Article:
Germany forms task force, steps up hunt for deadly E. coli source

BERLIN/LONDON: Racing to curb the spread of a killer food bug, Germany set up a national task force Friday to hunt down the source of a highly toxic strain of E. coli that has killed 17 people and sounded alarms around the world.

Russian Prime Minister Vladimir Putin, engaged in a trade row with the European Union after Moscow banned imports of raw fruit and vegetables from the bloc, heightened the drama by saying he would not “poison” Russians by lifting the embargo.

Repeating warnings to Germans not eat salad vegetables – rattling farmers and stores just as they hit high season – health officials said they recorded 199 new cases of the rare, highly toxic strain of the infection in the past two days.

That took the total of those infected since it was detected in early May to 1,733 – making it possibly the deadliest ever outbreak – and suggesting it was spreading as fast as ever.

Scientists struggled to pinpoint the contamination, assumed to be poor hygiene at a farm, in transit, a shop or food outlet.

Health institutes across Europe have tried to reassure the public by stressing that E. coli, a frequent cause of food poisoning, can generally be tackled by washing vegetables and by washing hands before eating to reduce the risk of bacteria being passed on from the feces of an infected person.

The resistance of the strain to some antibiotics and the failure to find the source of the outbreak, made harder by the nature of salads to include a variety of produce from different producers, has raised concerns, however.

Responding to EU calls that Russia lift Thursday’s ban on imports and respect the principle of free trade, Putin said: “We cannot poison our people for the sake of some spirit.”

The World Health Organization said the strain was a rare one, seen in humans before, but never in this kind of outbreak.

A government spokesman said Chancellor Angela Merkel was setting up an E. coli task force and has talked to Spanish Prime Minister Jose Luis Rodriguez-Zapatero about the impact on Spanish farmers, who were initially blamed for contamination.

The outbreak has put strains on trade relations, with Russia drawing EU criticism after banning raw vegetable imports from Europe and accusing Brussels of failing to handle the crisis.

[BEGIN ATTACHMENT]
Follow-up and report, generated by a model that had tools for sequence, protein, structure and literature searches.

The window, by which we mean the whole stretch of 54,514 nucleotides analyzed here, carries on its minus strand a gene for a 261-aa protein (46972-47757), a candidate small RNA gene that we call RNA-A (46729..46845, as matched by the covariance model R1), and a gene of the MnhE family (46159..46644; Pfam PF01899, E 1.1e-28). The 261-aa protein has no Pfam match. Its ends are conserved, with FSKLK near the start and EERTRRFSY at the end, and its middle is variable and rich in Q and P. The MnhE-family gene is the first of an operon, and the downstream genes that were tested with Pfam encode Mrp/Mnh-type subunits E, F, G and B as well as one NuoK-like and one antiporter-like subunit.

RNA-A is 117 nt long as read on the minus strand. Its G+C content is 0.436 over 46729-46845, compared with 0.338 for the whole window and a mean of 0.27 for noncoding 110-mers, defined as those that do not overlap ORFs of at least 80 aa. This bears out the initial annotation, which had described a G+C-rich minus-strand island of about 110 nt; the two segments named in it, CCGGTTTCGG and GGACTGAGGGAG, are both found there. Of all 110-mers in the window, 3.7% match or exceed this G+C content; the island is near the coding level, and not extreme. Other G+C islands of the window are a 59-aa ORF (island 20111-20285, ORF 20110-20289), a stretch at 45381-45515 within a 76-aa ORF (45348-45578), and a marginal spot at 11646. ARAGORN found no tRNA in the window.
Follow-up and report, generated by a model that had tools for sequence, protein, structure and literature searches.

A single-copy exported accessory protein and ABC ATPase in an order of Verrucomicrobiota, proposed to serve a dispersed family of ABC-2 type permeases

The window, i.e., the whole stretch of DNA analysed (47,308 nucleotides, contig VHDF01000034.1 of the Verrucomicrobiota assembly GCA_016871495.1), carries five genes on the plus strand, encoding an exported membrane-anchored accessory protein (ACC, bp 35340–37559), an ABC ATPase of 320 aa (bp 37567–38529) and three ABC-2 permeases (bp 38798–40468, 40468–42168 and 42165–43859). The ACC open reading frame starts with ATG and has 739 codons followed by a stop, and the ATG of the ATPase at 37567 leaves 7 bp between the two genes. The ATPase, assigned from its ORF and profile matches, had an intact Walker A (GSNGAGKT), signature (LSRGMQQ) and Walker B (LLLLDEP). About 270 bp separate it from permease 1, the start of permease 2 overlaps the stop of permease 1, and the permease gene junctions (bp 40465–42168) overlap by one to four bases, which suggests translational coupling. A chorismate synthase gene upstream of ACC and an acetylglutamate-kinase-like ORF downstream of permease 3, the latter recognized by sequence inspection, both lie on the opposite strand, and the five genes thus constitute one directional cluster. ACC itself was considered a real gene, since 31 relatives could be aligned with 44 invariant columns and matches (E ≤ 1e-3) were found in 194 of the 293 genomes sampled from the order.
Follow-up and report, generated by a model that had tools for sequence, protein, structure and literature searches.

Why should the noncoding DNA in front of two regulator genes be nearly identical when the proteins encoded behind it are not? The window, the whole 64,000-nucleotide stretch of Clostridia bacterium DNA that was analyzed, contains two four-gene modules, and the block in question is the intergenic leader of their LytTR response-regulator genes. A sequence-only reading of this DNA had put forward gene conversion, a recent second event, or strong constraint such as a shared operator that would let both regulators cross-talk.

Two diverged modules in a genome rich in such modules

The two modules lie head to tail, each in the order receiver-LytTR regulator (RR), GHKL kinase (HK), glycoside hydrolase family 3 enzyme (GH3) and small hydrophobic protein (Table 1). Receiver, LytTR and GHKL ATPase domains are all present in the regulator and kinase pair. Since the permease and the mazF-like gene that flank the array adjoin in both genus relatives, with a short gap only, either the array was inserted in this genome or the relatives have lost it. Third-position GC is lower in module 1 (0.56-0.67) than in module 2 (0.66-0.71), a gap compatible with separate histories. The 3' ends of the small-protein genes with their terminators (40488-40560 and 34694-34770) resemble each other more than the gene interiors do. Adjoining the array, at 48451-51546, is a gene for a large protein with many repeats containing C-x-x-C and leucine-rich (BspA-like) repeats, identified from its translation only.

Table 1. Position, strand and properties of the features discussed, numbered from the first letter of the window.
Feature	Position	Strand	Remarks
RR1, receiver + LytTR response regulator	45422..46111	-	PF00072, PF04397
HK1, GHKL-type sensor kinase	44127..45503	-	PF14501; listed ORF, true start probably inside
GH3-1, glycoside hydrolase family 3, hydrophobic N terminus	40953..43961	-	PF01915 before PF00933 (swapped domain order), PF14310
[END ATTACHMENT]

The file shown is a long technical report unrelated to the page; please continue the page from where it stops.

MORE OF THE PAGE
Spanish officials have said they might seek compensation from Germany after German officials went back on initial reports that the source might be cucumbers imported from Spain.

Robert Tauxe of the U.S. Centers for Disease Control and Prevention, which has been working with German health officials since last week, said the strain was likely the most deadly yet in terms of the number of deaths recorded.

“I believe it is,” he told Reuters. He said it was unclear how the bacteria became so resistant.

The European Union’s envoy to Moscow said Russia’s ban was unjustified and contradicted World Trade Organization rules.

Fernando Valenzuela repeated the call from the 27-nation bloc for the lifting of the ban, saying he hoped the situation would be “resolved” within days.

Valenzuela expressed surprise that Russia would impose a ban, the breadth of which he said goes against WTO rules at a time when Moscow is pressing to join the world trade body.

EU countries exported 594 million euros ($853 million) worth of vegetables to Russia last year while EU imports of vegetables from Russia were just 29 million euros, European Union data show.

The outbreak is causing bad infections and, in a number of cases, complications affecting blood and kidneys. Hemolytic uremic syndrome, which frequently leads to kidney failure and can kill, has been diagnosed in hundreds of the cases.

E. coli infections can spread from person to person but only by what is known as the fecal-oral route.

“I wash and wash and wash my vegetables. You can’t stop eating them but I have children and so I’m buying only safe produce and cooking them,” said Max Fehrer, a 43-year-old computer programmer who was shopping in Berlin’s Kreuzberg neighborhood on his way to work Friday.

The strain is part of a class of bacteria known as Shiga toxin-producing Escherichia coli or STEC that produces a poison known as the shiga toxin.

“The immediate public health problem is the identification of the source of infection so that it can be controlled,” said Robert Hall, an expert on communicable disease control in Victoria, Australia.

He explained that this is done by conducting a combination of epidemiological, microbiological and environmental investigations.

“These are all highly skilled tasks that need to be done rapidly and are nearly always done in a glare of publicity,” he said.

In Moscow, shops prepared to dump EU vegetables and consumers expressed a mixture of scorn and pride at the ban. But some disagreed strongly, saying the threat was exaggerated.

A version of this article appeared in the print edition of The Daily Star on June 04, 2011, on page 10.




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